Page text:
We’re constantly told to work as hard as we can, as long as we can, in our chosen field, and there’s obviously a lot of merit to that—luck favors the prepared; repetition produces results; working hard will get you ahead of the competition, etc. But there’s also much to be said in taking a step back—and doing something completely different for a bit.
At the beginning of the summer I was given the opportunity to take on a weeklong project that had nothing to do with my business. (I had completely reformatted my business about six months before that, and, not surprisingly, felt the need to work extra hard to get myself established.) Taking time to do something else seemed completely crazy, if not downright detrimental. Who takes a week away when they’re trying to get what’s essentially a new business going?!
Um, I did.
And granted, it’s not always possible. But the timing of this just happened to work out, it was an interesting opportunity, and the idea of a fresh perspective was enticing. I decided to do it.
So I spent a week on a project unrelated to my business (checking in on it via the wonders of email) but not actually doing any programs related to it for a whole week.
The first day away I felt panicked and lost. Why wasn’t I working on my business? Was I crazy? What was I doing? What on earth had I been thinking? Who did this? After a few hours, though, I had started to relax into the new project and put the business as much as I could out of my mind to focus on the task at hand.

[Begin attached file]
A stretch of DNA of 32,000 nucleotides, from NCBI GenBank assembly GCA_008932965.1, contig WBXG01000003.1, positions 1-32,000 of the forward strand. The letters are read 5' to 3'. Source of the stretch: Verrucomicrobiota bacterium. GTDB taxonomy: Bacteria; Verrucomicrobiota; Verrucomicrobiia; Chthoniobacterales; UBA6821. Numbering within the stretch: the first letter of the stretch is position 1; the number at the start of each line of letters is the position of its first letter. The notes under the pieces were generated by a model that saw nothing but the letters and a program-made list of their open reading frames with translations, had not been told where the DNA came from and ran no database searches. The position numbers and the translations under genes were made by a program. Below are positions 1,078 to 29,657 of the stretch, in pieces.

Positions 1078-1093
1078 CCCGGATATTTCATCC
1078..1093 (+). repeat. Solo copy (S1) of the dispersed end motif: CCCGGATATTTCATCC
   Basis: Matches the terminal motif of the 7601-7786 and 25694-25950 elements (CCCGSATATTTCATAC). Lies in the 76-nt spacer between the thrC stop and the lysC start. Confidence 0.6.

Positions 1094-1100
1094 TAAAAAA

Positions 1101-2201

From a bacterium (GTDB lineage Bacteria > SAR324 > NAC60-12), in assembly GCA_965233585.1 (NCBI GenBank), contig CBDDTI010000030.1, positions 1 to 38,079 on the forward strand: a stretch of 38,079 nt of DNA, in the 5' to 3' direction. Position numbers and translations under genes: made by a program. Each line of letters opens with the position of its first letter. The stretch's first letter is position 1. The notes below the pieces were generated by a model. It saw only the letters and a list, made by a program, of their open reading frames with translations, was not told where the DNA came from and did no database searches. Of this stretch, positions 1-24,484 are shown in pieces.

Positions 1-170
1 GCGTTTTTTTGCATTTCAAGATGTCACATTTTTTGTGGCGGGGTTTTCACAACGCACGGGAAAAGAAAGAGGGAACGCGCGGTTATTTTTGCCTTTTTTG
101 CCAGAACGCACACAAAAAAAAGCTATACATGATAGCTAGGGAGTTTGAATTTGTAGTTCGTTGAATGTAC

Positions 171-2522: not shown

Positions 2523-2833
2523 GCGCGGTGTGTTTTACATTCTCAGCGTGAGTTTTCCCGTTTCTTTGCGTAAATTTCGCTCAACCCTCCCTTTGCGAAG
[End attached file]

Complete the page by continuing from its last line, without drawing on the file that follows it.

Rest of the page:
As the week went on, I realized that because I’d planned ahead, I could do what I needed to for the business, and nothing would fall apart. And as I started to relax, I began to enjoy the experience of doing something out of the ordinary (for me). I also began using a notebook to jot down ideas so I wouldn’t forget them. Being in a different place with a different focus allowed me to, well, focus differently. I wasn’t spending every second trying to get a million things done for the business, and thus was more open to being creative. In free moments and in the evening, I jotted down tons of ideas, wrote up a lot of “what ifs,” and came back having really enjoyed what I worked on. I was completely ready to get back to my business—with some fresh ideas, to boot.
The week away turned out to be great, on many levels. It showed me that I could do something different–but also that I was also eager to get back. It was a bit of a luxury–but it also turned out to be even more of a necessity. When I looked at some of what I’d been doing, business-wise, with a (relatively) fresh perspective, I came at it it without the frenzied, slightly panicked way I sometimes approached it. I came up with some ideas that I ended up implementing–and that probably wouldn’t have occurred to me without some of the experiences I had while I was away.
I also realized that a break doesn’t have to be a week–it can even be a day (any shorter and we’re not taking a break–we’re talking lunch). It’s good to know you can do other things, and it’s good to let yourself relax and approach things differently. Win win. Both you and your business will be the better for it.